- Maya Forstater is available for media interviews on the Tribunal judgement. Please email interview requests and questions firstname.lastname@example.org
- Peter Daly at Doyle Clayton Solicitors is available for comment and interview: email@example.com
- Examples of the “mistaken assertion” referred to above – that gender critical people were protected so long as they never gave voice or action to their beliefs – can be found here:
(a) Professor Alex Sharpe, Keele University: “’Not a Nazi… But: Forstater v CGD Europe”: “it is not clear any manifestation of this belief would inevitably have the consequences he describes.”:https://criticallegalthinking.com/2021/06/29/not-a-nazi-but-forstater-v-cgd-europe/
(b) Robin Moira White & Nicola Newbegin: “A Practical Guide to Transgender Law”, Law Brief Publishing, May 2021; Online Update No.2, 19 November 2021: “However, the EAT sought to draw a distinction between merely holding a belief and manifesting that belief. In particular it found that only holding the belief rather than manifesting it is protected (para. 78) http://www.lawbriefpublishing.com/wp-content/uploads/2021/11/APGTTL-Update-no-2.pdf
- About Maya Forstater: Maya Forstater worked for many years in the field of international development, with a focus on taxation and sustainable development. She was a visiting fellow at the European arm of the Center for Global Development, a Washington-based think-tank, between 2017 and 2019, before losing her job in March 2019 after she publicly advocated against planned changes to the Gender Recognition Act (2004), which the government later shelved. Since April 2021 she has been executive director of Sex Matters.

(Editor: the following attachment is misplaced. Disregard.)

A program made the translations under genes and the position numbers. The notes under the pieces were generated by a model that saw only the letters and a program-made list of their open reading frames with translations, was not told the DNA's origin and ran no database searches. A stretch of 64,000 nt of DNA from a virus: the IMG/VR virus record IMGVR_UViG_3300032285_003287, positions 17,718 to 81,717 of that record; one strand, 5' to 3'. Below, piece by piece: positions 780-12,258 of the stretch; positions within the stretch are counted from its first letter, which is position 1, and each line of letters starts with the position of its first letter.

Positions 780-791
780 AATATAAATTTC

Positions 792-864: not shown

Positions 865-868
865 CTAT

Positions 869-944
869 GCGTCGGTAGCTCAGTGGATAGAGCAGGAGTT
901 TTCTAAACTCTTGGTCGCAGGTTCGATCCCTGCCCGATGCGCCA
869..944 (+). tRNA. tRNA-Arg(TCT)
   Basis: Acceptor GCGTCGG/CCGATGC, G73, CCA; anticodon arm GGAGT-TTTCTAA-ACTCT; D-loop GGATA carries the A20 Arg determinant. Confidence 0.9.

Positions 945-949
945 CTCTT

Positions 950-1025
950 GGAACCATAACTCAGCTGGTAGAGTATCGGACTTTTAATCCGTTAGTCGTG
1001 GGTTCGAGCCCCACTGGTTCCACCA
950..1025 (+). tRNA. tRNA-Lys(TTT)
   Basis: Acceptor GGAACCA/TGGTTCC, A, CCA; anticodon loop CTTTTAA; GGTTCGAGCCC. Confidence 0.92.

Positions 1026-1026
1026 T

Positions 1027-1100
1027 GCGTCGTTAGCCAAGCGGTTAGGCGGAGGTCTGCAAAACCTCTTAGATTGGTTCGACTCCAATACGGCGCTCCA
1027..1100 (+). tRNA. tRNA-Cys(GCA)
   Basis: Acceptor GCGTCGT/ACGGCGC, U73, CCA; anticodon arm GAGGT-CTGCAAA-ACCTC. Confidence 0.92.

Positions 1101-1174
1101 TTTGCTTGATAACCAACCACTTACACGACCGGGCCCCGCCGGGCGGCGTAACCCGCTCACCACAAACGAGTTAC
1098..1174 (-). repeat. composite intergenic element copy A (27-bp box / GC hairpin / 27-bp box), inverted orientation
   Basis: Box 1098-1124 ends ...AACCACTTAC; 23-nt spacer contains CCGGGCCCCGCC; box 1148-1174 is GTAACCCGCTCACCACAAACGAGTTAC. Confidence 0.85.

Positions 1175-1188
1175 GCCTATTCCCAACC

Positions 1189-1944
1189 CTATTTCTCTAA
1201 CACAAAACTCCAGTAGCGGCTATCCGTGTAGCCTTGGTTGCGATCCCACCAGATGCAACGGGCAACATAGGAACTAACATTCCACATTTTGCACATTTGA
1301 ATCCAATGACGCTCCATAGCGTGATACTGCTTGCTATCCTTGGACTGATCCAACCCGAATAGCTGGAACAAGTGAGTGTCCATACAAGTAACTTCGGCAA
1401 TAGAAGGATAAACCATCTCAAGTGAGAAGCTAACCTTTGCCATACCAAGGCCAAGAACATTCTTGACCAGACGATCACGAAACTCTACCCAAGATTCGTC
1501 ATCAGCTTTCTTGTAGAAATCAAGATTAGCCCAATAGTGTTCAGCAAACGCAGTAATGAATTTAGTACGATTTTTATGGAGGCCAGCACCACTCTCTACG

- About Sex Matters. Ms Forstater is Executive Director of Sex Matters which is the not-for-profit human-rights organisation she and others co-founded in 2021 to campaign for sex-based rights. Sex Matters lobbies for clarity on sex in law and institutions; in areas including single-sex services, sports, schools and freedom of speech.
- About Forstater’s legal case: Forstater took her claim to the employment tribunal in March 2019. In November 2019 a preliminary hearing was held on the question of whether her gender-critical beliefs were protected under discrimination law. On 18th December 2019 Judge James Tayler ruled that her beliefs were not protected and failed the Grainger criteria for protection under UK human-rights law by being “not worthy of respect in a democratic society”.
Forstater appealed that judgment to the Employment Appeal Tribunal. In a precedent-setting ruling on 10th June 2021, Tayler’s decision was overturned in its entirety. His Honour Judge Choudhury, President of the Employment Appeal Tribunal, held that Forstater’s belief fell within the protection of Article 9(1) of the European Convention on Human Rights, and therefore was covered by UK discrimination law. Forstater’s claim was sent back to the Employment Tribunal to determine whether the treatment she had received at the hands of CGD was unlawfully discriminatory on the basis of her belief.
The most recent case was heard remotely in the Employment Tribunal from 7th to 22nd March 2022, by a tribunal of three members chaired by Employment Judge Glennie. This was the hearing on the facts of the matter, seeking to determine whether Forstater was, in fact, discriminated against on grounds of her belief. The judgment was handed down on 6 July 2022. CGD has 42 days from 6 July 2022 to apply to the EAT for permission to appeal this judgment. This deadline expires on 17 August 2022.
- About Peter Daly: Peter Daly has fifteen years’ experience representing clients in the Employment Tribunal, overwhelmingly claimants. He was the first employment lawyer to pursue Employment Tribunal claims on behalf of Gender Critical clients. As well as Maya Forstater, he acts or has acted for Allison Bailey, Professor Kathleen Stock, Raquel Rosario Sanchez, Katie Alcock, Rosie Kay, Dawn Furness, James Esses and others whose names are not in the public domain. An article he wrote about the implications of Ms Forstater’s 2021 appeal, which has received over 20,000 page views on LinkedIn is here: https://www.linkedin.com/pulse/forstater-judgment-what-next-peter-daly
- Further background information on Forstater’s case and her employment at the Center for Global Development can be found on her website: hiyamaya.net